In this case, Johnson’s feedlot was a permitted, nonconforming use.  A Blue Earth County ordinance allows the rebuilding of a nonconforming structure, after it is damaged or destroyed by a disaster, if a conditional-use permit is obtained.  Blue Earth County, Minn., Land Use Ordinance § 0100.1405, subp. 7 (E) (June 8, 1996).  The rebuilding of the barn would be a restriction on a nonconforming use, since the barn was nonconforming and the rebuilding of such is regulated by ordinance.  Therefore, the board had the exclusive power to issue a variance from the prohibition on new feedlots and to allow the barn to be rebuilt.  Because the board has the authority to grant a variance for this work, the board did not exceed its statutory authority in doing so.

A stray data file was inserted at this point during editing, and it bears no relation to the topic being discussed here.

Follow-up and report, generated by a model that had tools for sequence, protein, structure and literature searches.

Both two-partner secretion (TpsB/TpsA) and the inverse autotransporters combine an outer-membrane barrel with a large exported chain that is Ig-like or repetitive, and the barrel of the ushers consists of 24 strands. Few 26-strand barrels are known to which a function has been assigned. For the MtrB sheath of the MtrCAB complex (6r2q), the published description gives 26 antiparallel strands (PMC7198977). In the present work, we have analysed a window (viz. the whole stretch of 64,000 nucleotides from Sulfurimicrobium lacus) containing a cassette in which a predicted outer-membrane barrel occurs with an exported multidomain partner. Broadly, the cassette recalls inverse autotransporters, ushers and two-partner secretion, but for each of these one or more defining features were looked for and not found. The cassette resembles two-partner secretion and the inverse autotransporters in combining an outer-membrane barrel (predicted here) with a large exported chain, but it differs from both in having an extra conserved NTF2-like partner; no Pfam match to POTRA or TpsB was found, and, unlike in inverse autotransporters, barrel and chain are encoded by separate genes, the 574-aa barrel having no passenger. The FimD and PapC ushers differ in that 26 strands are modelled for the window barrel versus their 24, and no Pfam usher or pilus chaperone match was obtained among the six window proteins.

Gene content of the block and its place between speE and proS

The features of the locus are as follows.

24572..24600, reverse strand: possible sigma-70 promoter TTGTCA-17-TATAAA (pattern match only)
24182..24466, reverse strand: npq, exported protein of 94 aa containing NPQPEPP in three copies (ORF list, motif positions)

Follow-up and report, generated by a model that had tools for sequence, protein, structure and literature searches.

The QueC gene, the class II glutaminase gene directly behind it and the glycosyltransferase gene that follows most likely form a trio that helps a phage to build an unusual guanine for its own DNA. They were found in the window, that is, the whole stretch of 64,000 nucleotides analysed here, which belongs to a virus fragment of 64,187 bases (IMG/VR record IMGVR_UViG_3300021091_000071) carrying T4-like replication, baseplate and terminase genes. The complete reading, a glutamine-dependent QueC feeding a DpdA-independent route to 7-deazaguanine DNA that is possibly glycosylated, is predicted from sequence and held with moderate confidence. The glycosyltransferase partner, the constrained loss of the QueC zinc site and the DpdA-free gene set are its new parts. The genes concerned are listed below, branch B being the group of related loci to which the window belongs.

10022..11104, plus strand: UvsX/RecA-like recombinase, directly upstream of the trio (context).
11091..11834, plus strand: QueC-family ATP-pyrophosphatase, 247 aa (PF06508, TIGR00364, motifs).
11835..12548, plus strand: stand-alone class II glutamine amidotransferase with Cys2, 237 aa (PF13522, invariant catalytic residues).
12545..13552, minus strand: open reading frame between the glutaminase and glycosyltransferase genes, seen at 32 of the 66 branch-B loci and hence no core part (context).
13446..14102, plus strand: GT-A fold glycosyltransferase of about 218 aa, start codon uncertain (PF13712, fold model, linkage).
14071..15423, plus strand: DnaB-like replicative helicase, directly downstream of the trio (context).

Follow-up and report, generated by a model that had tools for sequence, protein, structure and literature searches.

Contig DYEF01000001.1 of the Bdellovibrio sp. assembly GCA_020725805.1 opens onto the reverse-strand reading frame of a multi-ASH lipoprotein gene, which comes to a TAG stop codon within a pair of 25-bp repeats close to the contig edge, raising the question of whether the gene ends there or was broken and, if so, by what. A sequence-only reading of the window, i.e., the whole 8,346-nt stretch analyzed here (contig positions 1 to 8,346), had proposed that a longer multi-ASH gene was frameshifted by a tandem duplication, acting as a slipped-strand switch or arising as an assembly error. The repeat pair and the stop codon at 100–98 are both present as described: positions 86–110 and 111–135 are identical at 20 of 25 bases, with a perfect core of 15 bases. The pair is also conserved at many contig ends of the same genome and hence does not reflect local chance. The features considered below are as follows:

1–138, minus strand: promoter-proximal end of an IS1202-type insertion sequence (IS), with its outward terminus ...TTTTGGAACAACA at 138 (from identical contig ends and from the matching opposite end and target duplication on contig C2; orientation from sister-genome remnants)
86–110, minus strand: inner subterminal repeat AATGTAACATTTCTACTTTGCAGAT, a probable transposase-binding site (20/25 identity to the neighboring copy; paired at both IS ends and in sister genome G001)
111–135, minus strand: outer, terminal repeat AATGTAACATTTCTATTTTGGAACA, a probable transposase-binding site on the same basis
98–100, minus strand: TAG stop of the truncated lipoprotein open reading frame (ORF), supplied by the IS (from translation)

In a prior case involving the parties to this appeal, we pointed out that, by attaching conditions to a variance, a board of adjustment is able to remedy or mitigate “some of the potential harms of continuing a nonconforming use.”  Buss v. Johnson (Buss I), 624 N.W.2d 781, 788 (Minn. App. 2001).  We held that if we were to invalidate the board’s action, “we would effectively strip the board of adjustment of its ‘exclusive power’ to grant conditional variances” and would thereby undercut the board’s ability “to grant a variance that protects both public and private interests.”  Id.

In re Kenney also addresses appellant’s argument that the district court incorrectly determined that Johnson’s variance was an area variance, rather than a use variance.  The court held that